Budget 2024: How can the Chancellor unleash a wave of private investment to green the economy?

A new ‘blueprint’ for unlocking unprecedented levels of private finance for the UK’s net-zero transition has been unveiled, with the backing of influential green finance leaders. With the Budget less than a month away, it emphasises how the Government can go beyond one-off, limited-time funding schemes – and why it must.

Budget 2024: How can the Chancellor unleash a wave of private investment to green the economy?

Image: HM Treasury. CC BY-NC-ND 2.0 DEED. https://www.flickr.com/photos/hmtreasury/53482154958/

The report comes on the eve of Chancellor Jeremy Hunt’s 2024 Budget, due to be delivered in early March. It sets how the UK Government can take a more strategic and bold approach to unlocking the £50-60bn it estimates will be required post-2030 to achieve the nation’s legally binding climate commitments.

The vast majority of this finance will need to come from private sources, especially given that the national debt is now on the cusp of exceeding 100% of GDP.

The report may yet influence Hunt and his team as it draws upon insight from dozens of experts across Britain’s financial, policy and sustainability spheres including representatives from the Association of British Insurers, the Green Finance Institute, Bankers for Net-Zero and the Institute for Public Policy Research (IPPR).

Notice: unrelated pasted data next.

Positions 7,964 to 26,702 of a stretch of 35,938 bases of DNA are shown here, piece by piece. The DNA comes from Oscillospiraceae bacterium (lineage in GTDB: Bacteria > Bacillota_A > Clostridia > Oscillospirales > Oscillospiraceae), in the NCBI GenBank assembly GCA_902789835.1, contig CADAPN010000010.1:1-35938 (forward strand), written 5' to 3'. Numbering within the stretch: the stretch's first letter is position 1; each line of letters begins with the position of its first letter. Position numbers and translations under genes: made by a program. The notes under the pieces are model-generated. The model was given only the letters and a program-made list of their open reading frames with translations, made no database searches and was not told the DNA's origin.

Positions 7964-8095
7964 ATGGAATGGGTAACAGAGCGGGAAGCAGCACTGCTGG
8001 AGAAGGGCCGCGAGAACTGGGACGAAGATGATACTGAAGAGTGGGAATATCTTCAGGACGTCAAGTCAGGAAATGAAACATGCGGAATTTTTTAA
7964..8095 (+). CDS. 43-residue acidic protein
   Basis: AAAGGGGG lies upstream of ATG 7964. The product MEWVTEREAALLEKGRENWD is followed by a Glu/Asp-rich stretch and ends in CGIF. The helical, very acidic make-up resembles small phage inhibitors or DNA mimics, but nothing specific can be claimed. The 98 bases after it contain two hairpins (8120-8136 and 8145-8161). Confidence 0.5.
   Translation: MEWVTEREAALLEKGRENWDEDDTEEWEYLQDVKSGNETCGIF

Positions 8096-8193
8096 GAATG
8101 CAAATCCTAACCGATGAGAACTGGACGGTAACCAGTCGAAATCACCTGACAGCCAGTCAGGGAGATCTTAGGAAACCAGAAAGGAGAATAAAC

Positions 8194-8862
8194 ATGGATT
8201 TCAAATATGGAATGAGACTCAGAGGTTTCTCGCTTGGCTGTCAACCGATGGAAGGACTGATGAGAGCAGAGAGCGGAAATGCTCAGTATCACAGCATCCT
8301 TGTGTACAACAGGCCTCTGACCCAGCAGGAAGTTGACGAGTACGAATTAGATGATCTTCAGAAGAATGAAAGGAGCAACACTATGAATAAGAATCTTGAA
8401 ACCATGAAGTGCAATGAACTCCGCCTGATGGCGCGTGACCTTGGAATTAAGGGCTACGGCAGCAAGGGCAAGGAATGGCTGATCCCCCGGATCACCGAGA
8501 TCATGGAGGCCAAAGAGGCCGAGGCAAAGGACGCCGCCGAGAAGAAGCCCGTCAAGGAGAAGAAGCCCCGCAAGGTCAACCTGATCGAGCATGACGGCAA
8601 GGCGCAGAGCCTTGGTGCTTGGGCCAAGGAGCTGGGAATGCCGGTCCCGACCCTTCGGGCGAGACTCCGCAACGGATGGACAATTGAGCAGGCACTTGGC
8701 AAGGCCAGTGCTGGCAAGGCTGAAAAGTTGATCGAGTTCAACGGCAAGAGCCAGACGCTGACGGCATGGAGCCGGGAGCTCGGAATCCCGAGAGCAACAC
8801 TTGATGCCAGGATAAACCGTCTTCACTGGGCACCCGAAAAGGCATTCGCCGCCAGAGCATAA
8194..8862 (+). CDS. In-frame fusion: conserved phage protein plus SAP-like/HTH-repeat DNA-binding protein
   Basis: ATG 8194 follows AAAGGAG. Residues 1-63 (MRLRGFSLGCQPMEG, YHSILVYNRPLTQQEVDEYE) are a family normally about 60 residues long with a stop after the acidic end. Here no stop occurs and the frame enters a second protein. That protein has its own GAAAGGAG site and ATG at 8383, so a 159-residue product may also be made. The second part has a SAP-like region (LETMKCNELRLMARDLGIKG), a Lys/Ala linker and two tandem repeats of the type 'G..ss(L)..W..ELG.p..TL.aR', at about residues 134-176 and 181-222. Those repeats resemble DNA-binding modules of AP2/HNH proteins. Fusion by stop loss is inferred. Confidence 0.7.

Its key call to action is for the Government to provide more of a long-term strategy to delivering net-zero with “clarity and consistency in policy pathways”.

Funding pots with limited budgets and limited timescales can make for the risk of future drop-offs that can deter investment, it states. The risk of policies being watered down, axed or delayed, as was the case last September, also dents investor confidence.

Changes announced in September 2023 to policies around low-carbon heating, energy-efficient buildings and electric vehicles (EVs) form part of the Prime Minister’s drive for a “more pragmatic” net-zero transition pathway that minimises upfront costs on households in the near term. Yet the changes made so far are not aligned with recommendations from the UK’s official climate advisors and may risk baking in future risks and costs for workers in the decades to come.

The Public Accounts Committee has also stated that now is the time for greater long-term certainty to deliver value for money.

Green Finance Strategy gaps

The UK Government did make something of a song and dance of updating its net-zero strategy in March 2023.